A NACS-supported foodservice training curriculum will continue to be available for convenience store retailers on the Web through Ready Training Online.
By John Lofstock, Editor
While NACS remains committed to the growing foodservice category and helping retailers gain the training they need to be effective foodservice marketers, the association found that the distinct needs of individual retailers was difficult to address in a classroom setting. As such, the NACS CAFE classroom model and staff was eliminated and the training components will continue online through Ready Training Online (readytrainingonline.com).
Michael Davis, the vice president of member services for NACS, said this move will allow convenience store retailers to select modules and courses that fit their foodservice training needs.
“Foodservice is still very important to our members and we will continue to support their needs in numerous areas, at NACS events, and providing training and assistance adhering with new FDA menu labeling regulations,” Davis said.
FILLING A NEED
NACS CAFE, which was led by Education Director Dr. Nancy Caldarola, helped to fill a need for convenience store retailers as they looked to expand foodservice operations to compete with quick-service restaurants (QSRs) and fast-casual restaurants. The program offered an intense four-day program that included a comprehensive overview of the foodservice segment including everything from training and food handling to analyzing profit and loss statements.
In the end, it might have been too comprehensive. Some retailers are still finding their way in foodservice with roller grills, while others are much more advanced with full-service made-to-order options. The middle ground simply wasn’t enough to meet everyone’s individual needs.
NACS will continue to focus its attention on helping to protect retailers interests at the federal level, especially when it comes to the onerous FDA menu regulations. In November, NACS expressed disapproval of the sweeping new menu labeling regulations imposed on convenience stores.
NACS has long advocated to the FDA that any menu labeling regulations must account for differences between the convenience store business model and a chain restaurant business model.
As CSD previously reported, under the FDA mandate, the full test for whether the rule applies to a business is whether that business:
• Is part of a chain with 20 or more locations doing business under the same name, regardless of the type ownership—including individual franchises.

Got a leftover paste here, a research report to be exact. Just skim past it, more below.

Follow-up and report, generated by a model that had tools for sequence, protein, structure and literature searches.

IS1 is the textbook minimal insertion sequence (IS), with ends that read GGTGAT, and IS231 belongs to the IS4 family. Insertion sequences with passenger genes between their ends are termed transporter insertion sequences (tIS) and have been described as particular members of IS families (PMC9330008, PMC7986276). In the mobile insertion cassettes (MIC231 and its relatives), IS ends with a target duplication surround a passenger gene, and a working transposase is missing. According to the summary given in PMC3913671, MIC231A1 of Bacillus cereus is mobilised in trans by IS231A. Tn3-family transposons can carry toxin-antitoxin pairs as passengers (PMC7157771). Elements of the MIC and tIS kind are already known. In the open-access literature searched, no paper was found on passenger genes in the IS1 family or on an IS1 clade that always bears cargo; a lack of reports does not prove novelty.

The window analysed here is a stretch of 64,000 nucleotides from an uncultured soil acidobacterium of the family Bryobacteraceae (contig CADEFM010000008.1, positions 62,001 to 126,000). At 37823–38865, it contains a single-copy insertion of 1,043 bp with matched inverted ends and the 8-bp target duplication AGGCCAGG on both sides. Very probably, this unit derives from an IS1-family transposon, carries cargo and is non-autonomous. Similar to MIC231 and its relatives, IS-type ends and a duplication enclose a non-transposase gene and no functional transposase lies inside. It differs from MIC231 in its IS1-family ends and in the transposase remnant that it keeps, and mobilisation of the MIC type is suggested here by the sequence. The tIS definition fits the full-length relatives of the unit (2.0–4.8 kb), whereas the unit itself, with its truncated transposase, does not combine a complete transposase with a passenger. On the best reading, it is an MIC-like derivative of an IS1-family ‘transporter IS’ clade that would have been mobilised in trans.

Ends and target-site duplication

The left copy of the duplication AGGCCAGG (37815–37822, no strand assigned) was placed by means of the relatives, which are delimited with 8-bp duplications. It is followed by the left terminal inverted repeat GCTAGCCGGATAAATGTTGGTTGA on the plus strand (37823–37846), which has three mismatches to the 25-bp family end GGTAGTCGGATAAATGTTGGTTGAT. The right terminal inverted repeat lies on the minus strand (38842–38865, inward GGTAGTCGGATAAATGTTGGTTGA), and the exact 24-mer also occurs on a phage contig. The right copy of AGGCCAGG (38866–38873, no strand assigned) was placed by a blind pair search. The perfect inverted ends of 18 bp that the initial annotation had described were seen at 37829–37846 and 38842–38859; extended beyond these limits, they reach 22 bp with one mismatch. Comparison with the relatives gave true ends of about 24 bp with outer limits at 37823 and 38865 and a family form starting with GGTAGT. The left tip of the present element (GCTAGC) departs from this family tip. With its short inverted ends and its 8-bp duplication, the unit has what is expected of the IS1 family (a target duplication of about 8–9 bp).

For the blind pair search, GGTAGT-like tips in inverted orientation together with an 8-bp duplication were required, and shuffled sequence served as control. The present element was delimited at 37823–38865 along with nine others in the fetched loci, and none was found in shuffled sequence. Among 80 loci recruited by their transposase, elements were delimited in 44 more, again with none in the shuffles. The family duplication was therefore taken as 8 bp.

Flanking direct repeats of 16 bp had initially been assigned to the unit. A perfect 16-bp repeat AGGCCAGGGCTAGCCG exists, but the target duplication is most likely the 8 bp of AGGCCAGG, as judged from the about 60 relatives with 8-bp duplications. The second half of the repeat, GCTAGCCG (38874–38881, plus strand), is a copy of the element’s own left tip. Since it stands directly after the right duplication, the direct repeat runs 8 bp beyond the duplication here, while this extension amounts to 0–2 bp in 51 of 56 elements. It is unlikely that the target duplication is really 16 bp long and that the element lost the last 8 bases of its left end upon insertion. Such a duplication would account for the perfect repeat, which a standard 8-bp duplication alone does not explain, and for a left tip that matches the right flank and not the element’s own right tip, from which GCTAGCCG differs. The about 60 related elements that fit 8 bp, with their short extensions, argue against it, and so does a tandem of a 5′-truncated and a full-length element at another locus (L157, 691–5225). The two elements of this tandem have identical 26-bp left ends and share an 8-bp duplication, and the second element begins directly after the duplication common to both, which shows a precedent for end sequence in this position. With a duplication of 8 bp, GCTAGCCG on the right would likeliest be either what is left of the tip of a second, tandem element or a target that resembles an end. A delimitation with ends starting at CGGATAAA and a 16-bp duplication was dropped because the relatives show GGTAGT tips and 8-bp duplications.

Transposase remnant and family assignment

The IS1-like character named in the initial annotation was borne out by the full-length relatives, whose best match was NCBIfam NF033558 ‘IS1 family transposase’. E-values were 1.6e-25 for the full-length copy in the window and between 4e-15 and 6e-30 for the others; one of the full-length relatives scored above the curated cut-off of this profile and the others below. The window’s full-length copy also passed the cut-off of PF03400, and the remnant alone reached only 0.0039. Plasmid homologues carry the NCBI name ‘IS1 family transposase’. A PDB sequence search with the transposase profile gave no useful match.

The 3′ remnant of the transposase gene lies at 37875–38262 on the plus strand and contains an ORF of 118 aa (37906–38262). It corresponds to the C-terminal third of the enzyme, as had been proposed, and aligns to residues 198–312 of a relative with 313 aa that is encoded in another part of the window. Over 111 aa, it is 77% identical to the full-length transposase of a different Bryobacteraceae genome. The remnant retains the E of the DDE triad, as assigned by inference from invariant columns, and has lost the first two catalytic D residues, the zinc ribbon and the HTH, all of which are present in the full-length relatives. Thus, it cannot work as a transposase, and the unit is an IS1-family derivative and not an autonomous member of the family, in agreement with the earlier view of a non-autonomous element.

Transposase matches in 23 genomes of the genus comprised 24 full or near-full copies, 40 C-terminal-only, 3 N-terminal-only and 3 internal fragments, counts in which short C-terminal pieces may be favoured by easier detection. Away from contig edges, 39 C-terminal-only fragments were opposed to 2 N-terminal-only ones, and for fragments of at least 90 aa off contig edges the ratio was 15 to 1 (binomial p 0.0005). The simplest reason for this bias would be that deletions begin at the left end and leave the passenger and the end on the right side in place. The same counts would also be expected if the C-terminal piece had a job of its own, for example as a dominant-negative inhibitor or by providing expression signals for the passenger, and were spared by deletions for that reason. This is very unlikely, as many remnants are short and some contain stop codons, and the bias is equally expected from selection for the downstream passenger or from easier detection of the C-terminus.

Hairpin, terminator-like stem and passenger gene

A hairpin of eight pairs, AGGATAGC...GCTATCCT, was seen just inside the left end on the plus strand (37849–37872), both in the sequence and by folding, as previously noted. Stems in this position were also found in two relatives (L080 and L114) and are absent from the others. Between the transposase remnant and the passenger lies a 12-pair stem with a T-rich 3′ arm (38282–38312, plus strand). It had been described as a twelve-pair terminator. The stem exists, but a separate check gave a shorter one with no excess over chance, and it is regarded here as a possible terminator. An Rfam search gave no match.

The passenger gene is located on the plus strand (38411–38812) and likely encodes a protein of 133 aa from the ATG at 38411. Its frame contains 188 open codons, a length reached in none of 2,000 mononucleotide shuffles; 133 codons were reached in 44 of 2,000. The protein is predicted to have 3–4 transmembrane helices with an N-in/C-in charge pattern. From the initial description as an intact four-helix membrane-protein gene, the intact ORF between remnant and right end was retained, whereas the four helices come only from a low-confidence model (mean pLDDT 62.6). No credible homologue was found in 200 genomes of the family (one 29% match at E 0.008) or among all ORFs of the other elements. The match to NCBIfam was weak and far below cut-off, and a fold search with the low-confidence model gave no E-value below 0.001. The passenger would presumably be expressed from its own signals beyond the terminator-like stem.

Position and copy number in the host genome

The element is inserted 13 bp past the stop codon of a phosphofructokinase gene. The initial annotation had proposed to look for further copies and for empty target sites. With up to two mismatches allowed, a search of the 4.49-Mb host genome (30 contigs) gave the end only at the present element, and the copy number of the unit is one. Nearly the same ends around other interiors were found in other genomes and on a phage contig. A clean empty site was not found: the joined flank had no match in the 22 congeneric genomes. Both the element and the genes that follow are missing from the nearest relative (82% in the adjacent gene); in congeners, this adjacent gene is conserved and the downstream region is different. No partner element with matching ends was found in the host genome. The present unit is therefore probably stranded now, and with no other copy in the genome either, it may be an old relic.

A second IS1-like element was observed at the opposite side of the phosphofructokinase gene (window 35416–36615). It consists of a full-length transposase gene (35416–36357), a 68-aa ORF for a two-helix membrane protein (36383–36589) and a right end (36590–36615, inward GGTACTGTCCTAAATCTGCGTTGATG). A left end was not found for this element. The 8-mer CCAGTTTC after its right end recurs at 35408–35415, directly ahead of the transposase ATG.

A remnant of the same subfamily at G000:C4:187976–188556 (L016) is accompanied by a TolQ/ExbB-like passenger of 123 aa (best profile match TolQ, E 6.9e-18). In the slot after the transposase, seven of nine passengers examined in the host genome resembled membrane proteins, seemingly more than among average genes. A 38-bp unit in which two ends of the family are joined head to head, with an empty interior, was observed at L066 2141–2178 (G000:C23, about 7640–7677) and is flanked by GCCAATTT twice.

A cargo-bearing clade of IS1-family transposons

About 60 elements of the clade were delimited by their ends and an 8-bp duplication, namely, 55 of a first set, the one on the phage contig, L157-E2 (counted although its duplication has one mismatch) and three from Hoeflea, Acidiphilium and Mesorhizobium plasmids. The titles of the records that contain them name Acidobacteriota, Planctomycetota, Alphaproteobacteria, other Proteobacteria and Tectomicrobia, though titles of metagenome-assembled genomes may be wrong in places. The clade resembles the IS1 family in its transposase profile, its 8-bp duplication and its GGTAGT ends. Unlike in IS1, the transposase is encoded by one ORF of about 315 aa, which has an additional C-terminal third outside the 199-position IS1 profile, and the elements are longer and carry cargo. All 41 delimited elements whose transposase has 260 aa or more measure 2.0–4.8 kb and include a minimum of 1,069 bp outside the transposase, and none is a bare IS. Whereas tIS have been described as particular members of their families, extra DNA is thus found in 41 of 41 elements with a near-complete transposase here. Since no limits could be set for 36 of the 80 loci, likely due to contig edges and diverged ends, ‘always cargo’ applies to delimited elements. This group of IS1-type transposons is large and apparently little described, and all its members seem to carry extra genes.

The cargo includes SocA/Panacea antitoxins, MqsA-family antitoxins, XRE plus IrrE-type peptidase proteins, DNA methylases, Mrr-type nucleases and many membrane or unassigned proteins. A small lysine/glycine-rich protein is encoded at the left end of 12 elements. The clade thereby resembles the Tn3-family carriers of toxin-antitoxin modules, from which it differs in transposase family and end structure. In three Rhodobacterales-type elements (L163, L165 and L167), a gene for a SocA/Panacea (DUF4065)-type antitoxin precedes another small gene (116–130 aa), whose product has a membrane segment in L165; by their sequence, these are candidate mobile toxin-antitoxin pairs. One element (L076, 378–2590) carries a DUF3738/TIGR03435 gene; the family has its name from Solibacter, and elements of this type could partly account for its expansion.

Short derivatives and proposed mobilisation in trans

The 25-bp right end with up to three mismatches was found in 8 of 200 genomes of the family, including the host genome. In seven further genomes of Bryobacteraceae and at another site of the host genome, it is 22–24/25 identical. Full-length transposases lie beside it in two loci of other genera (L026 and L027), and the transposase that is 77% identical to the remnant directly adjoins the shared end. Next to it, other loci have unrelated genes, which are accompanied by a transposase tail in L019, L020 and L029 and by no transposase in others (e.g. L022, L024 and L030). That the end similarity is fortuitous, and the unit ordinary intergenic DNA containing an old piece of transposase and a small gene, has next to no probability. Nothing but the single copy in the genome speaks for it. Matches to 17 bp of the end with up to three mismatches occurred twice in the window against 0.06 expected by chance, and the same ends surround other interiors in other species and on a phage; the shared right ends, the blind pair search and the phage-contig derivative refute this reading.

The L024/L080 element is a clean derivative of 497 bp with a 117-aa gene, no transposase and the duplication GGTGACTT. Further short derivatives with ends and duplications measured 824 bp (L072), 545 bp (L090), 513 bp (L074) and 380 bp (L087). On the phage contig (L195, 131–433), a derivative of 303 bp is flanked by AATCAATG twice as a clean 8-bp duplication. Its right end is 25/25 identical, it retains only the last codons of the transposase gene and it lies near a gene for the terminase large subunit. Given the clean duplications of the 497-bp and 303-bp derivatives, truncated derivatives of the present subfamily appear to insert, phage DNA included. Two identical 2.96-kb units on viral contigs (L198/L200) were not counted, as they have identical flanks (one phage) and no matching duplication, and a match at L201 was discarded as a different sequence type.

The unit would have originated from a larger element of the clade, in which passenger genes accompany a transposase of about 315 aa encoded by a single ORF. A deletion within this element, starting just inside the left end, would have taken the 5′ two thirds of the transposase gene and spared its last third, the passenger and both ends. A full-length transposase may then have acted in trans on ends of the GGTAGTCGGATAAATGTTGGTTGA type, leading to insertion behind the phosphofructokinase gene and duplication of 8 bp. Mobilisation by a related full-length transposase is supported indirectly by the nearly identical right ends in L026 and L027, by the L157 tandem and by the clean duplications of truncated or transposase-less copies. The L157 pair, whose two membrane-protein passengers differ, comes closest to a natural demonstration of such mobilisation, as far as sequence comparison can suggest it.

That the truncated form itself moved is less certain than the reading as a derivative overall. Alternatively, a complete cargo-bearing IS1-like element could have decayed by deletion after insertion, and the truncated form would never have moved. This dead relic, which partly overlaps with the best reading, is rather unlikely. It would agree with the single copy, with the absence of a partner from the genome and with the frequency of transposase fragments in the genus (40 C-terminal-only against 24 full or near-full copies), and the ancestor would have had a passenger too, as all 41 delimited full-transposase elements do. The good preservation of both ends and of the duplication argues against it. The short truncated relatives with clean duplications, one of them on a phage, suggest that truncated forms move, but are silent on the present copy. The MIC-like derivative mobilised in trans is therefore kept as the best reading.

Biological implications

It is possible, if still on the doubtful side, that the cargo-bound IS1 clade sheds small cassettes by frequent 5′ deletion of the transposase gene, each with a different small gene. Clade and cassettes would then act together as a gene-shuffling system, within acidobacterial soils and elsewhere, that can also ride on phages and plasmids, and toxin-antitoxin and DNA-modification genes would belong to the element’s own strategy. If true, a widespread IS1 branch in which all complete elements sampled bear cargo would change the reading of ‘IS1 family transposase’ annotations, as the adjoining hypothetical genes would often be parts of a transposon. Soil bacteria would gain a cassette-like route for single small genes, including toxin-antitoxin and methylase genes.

• The different locations in a chain sell “substantially the same menu items,” if a significant proportion of its menu items use the same general recipe.
This classification extends not just to cafés and chain restaurants that operate 20 or more locations, but also to entertainment venues, such as movie theaters. It also includes some pre-packaged, prepared foods sold at grocery and convenience stores intended for takeout dining by individuals.
Proponents cite that the labeling rules will offer improved transparency in the foodservice industry, providing consumers caloric information on a wider scale while eliminating the myriad of state and local regulations that have been confusing to the public. The labeling law is part of the Patient Protection and Affordable Care Act passed in late 2010. Since then, regulators have gone back and forth on how the rules should be administered and what kind of businesses would be affected.
Lyle Beckwith, NACS’ senior vice president of government relations, told CSD there’s much ambiguity where c-stores and the caloric label rules are concerned.
“These regulations were originally intended for fast food restaurants and only when it went to the FDA did they expand it into convenience stores, grocers, etc.,” Beckwith said. “What they’re finding is a regulation would be very simple if it was for fast-food restaurants because they all basically have the same menu. A Big Mac is the same in Los Angeles as it is in Bangor, Maine. It’s a limited menu. They send it out once, get it tested and shoot it around the country and they’re done.”
Such static menus don’t cover the wide variety of c-store offerings, opponents insist.
“Now, what the FDA is finding in the convenience store industry, even within one chain, is that stores are very different,” Beckwith said. “They have different product mixes that appeal to the customer base that they are serving, and so there is no standard menu for a convenience store. That brings up a myriad of questions about what products qualify. If you have less than 20 stores selling pizza, do you have to do the pizza? It’s very confusing.”